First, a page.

He was appointed the first Commissioner of the Tirupathi Devasthanam and held this post for four years. The khazanas were empty when he took charge and it was Ranganatha Mudaliar who enforced accountability by having the cash counted each day, and placed before the deity before it was kept in the treasury. As a result, the coffers began to swell and by the end of his term he was able to order a diamond kreedam for the deity from ­Surajmals!

Since the roads leading to Tirupathi were hardly motorable, he engaged contractors (who were Gannon Dunkerly) and called for a proposal to lay good roads to reach the temple. This was completed thanks to his perseverance and supervision, and an arch was erected at the entrance and named Ranganatha Mudaliar Arch, which has since been removed. The portrait of this illustrious gentleman can still be viewed at the Devasthanam office or so I think as there are no updates on this.

Gokhale Hall, built by Ranganatha Mudaliar.

His public service included a stint with the Servants of India Society as an elected office bearer. When the YMIA was established, Annie Besant wanted Indian men to join and it became a training ground for parliamentary democracy, so that they could speak well and express themselves articulately. Ranganatha Mudaliar was made the President and served this office for three years. Gokhale Hall was built for this purpose. He started a branch of the Y.M.I.A for South Madras to meet the aspirations of young men. Apart from being a good orator in English, he was next only to Dr. C.Ramalinga Reddy in Telugu.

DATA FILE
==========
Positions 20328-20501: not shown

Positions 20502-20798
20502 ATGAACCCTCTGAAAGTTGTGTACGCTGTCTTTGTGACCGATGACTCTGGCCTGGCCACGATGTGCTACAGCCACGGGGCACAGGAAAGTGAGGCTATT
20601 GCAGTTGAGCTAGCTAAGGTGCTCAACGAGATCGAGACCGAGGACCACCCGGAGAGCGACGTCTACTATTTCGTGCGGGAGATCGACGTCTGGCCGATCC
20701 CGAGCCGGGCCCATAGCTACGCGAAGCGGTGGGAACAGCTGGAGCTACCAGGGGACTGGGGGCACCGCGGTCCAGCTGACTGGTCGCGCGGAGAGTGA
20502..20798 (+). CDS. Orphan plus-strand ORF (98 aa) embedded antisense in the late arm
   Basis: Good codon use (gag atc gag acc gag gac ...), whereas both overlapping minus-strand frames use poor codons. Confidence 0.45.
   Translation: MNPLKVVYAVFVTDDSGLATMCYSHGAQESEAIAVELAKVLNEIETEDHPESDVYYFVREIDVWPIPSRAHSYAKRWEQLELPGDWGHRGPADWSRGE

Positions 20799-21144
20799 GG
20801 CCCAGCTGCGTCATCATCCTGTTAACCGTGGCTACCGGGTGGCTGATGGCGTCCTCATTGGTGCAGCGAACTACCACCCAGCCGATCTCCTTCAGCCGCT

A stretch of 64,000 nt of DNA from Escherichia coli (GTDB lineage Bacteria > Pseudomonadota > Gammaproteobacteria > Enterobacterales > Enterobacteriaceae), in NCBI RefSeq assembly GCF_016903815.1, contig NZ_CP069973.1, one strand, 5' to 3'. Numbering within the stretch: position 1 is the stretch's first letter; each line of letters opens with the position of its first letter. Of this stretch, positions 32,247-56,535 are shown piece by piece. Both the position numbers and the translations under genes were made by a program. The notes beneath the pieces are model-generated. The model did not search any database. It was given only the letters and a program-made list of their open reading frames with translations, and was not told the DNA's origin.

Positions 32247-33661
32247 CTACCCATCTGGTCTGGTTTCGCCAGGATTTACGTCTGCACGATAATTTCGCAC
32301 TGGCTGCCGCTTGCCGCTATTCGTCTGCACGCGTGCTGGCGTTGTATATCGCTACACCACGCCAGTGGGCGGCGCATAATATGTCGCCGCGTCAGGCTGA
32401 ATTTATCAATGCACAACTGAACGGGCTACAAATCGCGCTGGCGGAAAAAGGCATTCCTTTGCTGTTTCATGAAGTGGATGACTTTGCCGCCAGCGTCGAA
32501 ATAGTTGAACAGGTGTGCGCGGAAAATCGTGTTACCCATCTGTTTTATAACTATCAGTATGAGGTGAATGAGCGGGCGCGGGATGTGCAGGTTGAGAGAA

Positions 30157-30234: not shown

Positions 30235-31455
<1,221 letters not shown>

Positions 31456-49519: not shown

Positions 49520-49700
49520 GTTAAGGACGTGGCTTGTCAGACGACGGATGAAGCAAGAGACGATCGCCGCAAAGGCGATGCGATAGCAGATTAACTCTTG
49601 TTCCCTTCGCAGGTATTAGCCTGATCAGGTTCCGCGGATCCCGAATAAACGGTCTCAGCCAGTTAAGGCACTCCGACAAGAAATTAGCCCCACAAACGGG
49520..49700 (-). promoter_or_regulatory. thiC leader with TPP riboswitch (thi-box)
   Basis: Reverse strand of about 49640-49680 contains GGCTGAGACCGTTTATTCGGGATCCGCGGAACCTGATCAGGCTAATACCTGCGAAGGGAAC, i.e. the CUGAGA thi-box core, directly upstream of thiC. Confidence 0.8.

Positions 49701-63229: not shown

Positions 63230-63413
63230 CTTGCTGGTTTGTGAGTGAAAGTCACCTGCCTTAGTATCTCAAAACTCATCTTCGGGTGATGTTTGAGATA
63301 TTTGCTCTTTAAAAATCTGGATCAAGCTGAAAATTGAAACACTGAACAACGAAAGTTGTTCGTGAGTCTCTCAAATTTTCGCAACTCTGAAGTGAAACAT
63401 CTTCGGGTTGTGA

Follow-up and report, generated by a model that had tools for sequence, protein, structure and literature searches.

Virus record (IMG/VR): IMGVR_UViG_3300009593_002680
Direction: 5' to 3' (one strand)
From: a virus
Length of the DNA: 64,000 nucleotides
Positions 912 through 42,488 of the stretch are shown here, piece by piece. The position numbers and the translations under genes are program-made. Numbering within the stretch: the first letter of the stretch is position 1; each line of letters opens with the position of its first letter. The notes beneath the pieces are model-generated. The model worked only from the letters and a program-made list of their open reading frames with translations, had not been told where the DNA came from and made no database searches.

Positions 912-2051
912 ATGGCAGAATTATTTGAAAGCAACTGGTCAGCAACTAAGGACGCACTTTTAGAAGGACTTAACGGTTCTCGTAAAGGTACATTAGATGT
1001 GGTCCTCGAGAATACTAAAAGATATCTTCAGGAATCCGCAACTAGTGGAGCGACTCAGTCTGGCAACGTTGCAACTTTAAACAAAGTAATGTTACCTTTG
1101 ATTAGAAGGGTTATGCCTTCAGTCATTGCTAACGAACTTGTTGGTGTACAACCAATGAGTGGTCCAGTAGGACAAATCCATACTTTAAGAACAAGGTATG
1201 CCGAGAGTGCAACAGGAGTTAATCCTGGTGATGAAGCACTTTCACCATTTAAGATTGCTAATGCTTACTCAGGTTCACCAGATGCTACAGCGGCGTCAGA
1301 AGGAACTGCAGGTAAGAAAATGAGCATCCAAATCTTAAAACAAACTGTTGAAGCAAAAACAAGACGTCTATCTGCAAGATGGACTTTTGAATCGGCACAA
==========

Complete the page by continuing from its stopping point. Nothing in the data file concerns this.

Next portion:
He held a B.A. degree from Madras Christian College, and a degree in law also from Madras, from the Law College. When he attended the court for the first time he was pained at the way lawyers were forced to tell lies to win the case and he never practiced law again!.

Ranganatha Mudaliar founded a sugar industry (India Sugars) around Hospet/Bellary and was a pioneer. He was partnered by V.R. Ramalingam Mudaliar, his sambandhi and V.S.Thiruvengadaswamy Mudaliar had some shares in the industry for some time.

Ranganatha Mudaliar was widowed at 23 and did not marry again. Helped by his sister Andal he brought up his two little children a son, Yathiraja and a daughter Jaya who was only one year old at the time. His wife’s name was Ganga a name given to one of his granddaughters. He was an ace raconteur and would amuse his grandchildren for many an hour recounting incidents laced with interesting tales. He was very fond of all of his grand children, four by his son and four by his daughter .

He was a strict vegetarian, but very liberal minded, and, being a great admirer of Annie Besant and a Theosophist, he arranged the marriage of his daughter Jaya to Kumar who was a Punjabi – very rare those days. He was a man who lived by his principles and had the courage of his convictions. When he attended the TS Convention in Benares, Ranganatha Mudaliar fell ill and it was an illness from which he never recovered. He passed away on July 8th 1950 and left a void which was hard to fill.

He passed on his genes to his two children, my father-in-law and his sister who was always Athamma to us, and their upbringing, moulded them into fine adults, and whom I had the privilege of knowing and it helped inculcate their values into my life as well.

Some people leave this world but their fragrance lingers for generations. Ranganatha Mudaliar was one of them.